a comparison by the Committee of the costs which would be 
incurred in carrying out this bill. However, clause 3(d)(2)(B) 
of that rule provides that this requirement does not apply when 
the Committee has included in its report a timely submitted 
cost estimate of the bill prepared by the Director of the 
Congressional Budget Office under section 402 of the 
Congressional Budget Act of 1974. Under clause 3(c)(3) of rule 
XIII of the Rules of the House of Representatives and section 
403 of the Congressional Budget Act of 1974, the Committee has 
received the following cost estimate for this bill from the 
Director of the Congressional Budget Office:

                                     U.S. Congress,
                               Congressional Budget Office,
                                     Washington, DC, June 30, 2016.
Hon. Rob Bishop,
Chairman, Committee on Natural Resources,
House of Representatives, Washington, DC.
    Dear Mr. Chairman: The Congressional Budget Office has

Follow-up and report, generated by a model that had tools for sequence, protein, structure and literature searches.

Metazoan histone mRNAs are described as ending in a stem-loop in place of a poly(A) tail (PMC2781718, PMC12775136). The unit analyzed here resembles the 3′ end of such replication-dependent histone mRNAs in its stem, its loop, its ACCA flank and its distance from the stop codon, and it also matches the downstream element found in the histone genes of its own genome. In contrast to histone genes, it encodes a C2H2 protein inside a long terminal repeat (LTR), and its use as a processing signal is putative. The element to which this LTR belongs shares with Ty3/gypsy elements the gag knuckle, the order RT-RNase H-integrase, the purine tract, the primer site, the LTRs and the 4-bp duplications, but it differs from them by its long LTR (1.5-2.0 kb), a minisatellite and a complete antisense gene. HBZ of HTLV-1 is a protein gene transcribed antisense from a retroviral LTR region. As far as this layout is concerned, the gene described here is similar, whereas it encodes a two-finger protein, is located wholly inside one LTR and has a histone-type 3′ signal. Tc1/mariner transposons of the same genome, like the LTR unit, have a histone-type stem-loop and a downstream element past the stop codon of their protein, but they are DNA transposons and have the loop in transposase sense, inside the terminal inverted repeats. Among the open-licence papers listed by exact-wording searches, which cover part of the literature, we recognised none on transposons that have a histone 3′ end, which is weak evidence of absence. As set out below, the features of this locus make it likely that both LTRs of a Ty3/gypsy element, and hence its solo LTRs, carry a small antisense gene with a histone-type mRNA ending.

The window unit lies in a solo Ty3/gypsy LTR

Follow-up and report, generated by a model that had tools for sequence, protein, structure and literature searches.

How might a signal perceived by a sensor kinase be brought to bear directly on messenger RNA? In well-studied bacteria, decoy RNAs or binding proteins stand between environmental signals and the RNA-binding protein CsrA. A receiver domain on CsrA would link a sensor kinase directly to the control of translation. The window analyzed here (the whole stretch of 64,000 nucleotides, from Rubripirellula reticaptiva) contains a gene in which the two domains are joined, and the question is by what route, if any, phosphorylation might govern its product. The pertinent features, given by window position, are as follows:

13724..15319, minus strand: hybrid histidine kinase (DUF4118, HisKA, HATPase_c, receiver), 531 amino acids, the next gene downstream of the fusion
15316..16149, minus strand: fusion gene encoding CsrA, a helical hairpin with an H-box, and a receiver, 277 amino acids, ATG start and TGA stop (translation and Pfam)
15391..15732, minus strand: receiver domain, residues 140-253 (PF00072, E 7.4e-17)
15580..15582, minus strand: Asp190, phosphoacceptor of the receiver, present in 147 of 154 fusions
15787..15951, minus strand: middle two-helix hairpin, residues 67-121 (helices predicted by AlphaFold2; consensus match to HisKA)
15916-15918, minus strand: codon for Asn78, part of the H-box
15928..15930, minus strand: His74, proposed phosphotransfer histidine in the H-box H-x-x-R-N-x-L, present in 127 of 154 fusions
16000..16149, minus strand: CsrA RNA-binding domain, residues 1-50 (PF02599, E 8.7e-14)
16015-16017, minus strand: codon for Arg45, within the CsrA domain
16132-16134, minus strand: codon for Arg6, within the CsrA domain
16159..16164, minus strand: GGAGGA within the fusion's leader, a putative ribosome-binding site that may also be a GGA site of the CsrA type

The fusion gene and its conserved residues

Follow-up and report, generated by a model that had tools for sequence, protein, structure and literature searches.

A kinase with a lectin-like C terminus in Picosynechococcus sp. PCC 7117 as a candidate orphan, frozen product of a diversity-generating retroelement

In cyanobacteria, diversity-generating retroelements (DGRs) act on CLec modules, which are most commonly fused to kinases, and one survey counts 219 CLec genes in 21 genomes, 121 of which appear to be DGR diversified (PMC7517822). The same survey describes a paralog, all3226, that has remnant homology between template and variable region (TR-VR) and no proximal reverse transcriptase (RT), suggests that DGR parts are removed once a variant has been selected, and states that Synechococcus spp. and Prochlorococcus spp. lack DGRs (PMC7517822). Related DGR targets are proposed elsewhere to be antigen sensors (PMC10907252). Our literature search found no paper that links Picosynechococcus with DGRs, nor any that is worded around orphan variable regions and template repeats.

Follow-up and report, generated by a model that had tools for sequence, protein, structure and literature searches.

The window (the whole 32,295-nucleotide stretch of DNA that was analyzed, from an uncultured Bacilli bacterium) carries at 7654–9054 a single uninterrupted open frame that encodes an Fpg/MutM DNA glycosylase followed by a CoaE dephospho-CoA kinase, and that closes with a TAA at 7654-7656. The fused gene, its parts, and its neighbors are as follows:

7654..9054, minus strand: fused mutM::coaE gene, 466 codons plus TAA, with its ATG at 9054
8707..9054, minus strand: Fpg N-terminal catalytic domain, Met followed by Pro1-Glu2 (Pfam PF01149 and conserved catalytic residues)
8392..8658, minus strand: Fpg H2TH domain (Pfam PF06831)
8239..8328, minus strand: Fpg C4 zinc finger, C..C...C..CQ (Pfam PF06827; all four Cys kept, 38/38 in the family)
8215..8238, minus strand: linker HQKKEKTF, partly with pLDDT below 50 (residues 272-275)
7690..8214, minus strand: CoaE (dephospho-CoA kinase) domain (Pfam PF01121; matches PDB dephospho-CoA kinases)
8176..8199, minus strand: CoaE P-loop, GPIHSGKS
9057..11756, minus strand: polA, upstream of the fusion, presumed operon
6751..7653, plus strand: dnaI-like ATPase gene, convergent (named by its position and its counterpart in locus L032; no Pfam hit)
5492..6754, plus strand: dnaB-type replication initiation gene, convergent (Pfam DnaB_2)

prepared the enclosed cost estimate for H.R. 4202, the Fort 
Ontario Study Act.
    If you wish further details on this estimate, we will be 
pleased to provide them. The CBO staff contact is Marin 
                                                        Keith Hall.

H.R. 4202--Fort Ontario Study Act

    H.R. 4202 would require the National Park Service (NPS) to 
conduct a special resource study of Fort Ontario, a state 
historic site in Oswego, New York. (Fort Ontario was used 
during the French and Indian War, the Revolutionary War, and 
the War of 1812.) The study would determine whether the site 
meets NPS criteria for inclusion in the National Park System. 
Based on information provided by the NPS, CBO estimates that 
implementing the legislation would cost about $250,000; such 
spending would be subject to the availability of appropriated 
    Enacting H.R. 4202 would not affect direct spending or 
revenues; therefore, pay-as-you-go procedures do not apply. CBO 
estimates that enacting H.R. 4202 would not increase net direct 
spending or on-budget deficits in any of the four consecutive 
10-year periods beginning in 2027.
    H.R. 4202 contains no intergovernmental or private-sector 
mandates as defined in the Unfunded Mandates Reform Act and 
would not affect the budgets of state, local, or tribal